6 Things You Need to Know About Teaching English in Mexico
Now that you are close to choosing ITTO for your English Teacher Training and TEFL Certification you need to know what to expect from teaching English in Mexico. Out of all of the countries that you can choose from for your first or next travel/teaching destination, Mexico happens to be the best one. A culture that stretches back millennia, friendly people, a vibrant and dynamic present, with an even more promising future guarantee your experience in the country will be unforgettable.
The following are 6 Things You Need to Know About Teaching English in Mexico:
1. Mexicans Love Teachers: Teachers play a very prestigious role within Mexican society. Students hold a great deal of consideration and respect for their teachers just as parents always go out of their way to work with their children’s teachers to improve the quality of their education. So expect to be very much appreciated for what you do.
2. Prepare to be Invited Everywhere: Mexican people love parties and festivities. As a teacher in Mexico you will be invited to a “Quinceañera” here, a wedding there, a birthday party tomorrow, etc. Don’t let the partying sweep you away, remember there are lessons to plan for the next day!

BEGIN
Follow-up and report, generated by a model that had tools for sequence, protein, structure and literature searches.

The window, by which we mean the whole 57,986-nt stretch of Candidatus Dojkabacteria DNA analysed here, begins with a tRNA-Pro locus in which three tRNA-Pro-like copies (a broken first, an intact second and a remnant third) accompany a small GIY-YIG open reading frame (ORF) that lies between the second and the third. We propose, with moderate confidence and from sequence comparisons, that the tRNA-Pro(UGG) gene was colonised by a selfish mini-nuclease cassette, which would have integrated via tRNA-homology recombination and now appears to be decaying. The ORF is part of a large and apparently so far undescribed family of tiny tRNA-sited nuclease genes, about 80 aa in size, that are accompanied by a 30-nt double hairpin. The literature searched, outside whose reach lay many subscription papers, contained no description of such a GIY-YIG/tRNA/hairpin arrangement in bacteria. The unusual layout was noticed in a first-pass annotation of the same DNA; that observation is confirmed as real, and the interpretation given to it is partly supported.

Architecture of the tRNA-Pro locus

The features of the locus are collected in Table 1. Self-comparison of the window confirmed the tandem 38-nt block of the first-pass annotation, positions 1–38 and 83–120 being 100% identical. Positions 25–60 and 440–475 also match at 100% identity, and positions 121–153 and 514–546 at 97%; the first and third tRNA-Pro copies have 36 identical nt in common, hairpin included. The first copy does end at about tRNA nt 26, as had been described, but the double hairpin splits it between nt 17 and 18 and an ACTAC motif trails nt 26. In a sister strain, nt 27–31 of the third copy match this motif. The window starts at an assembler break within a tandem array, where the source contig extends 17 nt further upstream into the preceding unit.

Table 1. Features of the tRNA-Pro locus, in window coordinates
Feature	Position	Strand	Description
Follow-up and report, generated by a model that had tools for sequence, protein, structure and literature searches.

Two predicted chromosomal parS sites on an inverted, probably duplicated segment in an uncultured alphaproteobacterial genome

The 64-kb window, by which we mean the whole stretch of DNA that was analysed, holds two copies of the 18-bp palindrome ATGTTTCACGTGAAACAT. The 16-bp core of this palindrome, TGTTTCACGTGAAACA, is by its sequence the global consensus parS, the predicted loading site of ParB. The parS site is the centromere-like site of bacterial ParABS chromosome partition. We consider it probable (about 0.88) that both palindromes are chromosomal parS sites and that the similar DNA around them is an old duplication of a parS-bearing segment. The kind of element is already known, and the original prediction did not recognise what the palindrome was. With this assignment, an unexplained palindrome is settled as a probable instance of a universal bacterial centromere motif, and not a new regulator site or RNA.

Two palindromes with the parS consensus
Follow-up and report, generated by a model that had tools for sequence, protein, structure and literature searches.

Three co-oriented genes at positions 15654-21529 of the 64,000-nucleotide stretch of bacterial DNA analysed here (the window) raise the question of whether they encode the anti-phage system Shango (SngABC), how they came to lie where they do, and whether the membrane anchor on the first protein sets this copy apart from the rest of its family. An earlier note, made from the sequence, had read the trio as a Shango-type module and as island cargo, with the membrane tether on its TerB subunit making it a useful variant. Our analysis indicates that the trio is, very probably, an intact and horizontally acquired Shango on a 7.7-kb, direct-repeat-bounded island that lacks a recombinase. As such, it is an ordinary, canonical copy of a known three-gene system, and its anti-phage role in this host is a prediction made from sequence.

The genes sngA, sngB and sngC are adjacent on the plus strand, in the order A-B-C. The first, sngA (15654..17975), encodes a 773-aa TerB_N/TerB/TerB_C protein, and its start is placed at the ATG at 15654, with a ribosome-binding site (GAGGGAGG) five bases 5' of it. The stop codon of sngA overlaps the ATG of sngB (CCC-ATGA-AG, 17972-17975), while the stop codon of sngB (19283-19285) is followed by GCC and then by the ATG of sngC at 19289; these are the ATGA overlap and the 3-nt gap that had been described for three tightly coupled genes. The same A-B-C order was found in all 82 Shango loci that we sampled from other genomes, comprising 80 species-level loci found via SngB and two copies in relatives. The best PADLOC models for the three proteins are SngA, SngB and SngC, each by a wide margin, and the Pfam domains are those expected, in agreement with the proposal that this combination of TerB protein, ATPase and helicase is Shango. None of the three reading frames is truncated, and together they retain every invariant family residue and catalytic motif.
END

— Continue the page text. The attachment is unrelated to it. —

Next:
3. Watch out for “Friendly Directions”: Mexican people hate to disappoint which means that they will go out of their way to be of help when asked for it. As you can imagine this can backfire on you when you ask for directions on how to get to some place and the person you ask doesn’t really have a clue. Fortunately, you have electronic resources nowadays that can help you get to where you need to go.
4. Prepare for the Local Cuisine: Mexican Cuisine has been deemed a UNESCO Intangible World Heritage and is as varied as the regions and terrain the country has to offer. An explosion between Mesoamerican and European culinary traditions have spawned what is eaten in Mexico today and will of course not disappoint. Don’t be afraid to try local specialties! For instance, in Guadalajara you simply must try the Birria and Tortas Ahogadas.
5. Schools Work on the Go: Most schools work with an established curriculum that is very well defined, structured, and easy to follow. However, things can change very quickly and Mexicans around the world are famous for improvisation. Always have the flexibility to put together lessons on a short notice or off topic.
6. Thick Layers of Bureaucracy: Yes, dealing with government institutions in Mexico (like in most countries nowadays) takes time. Getting a local driver’s license, work visa, social security, etc will take some time. Patience and a good book will make the waits pass by quickly or that person next in line will surely be urging for a chat about the long line, the weather, or fairly much anything.
Overall, traveling and teaching English in Mexico will be a live changing experience. Remember, live is like a book and those who do not travel read only one page.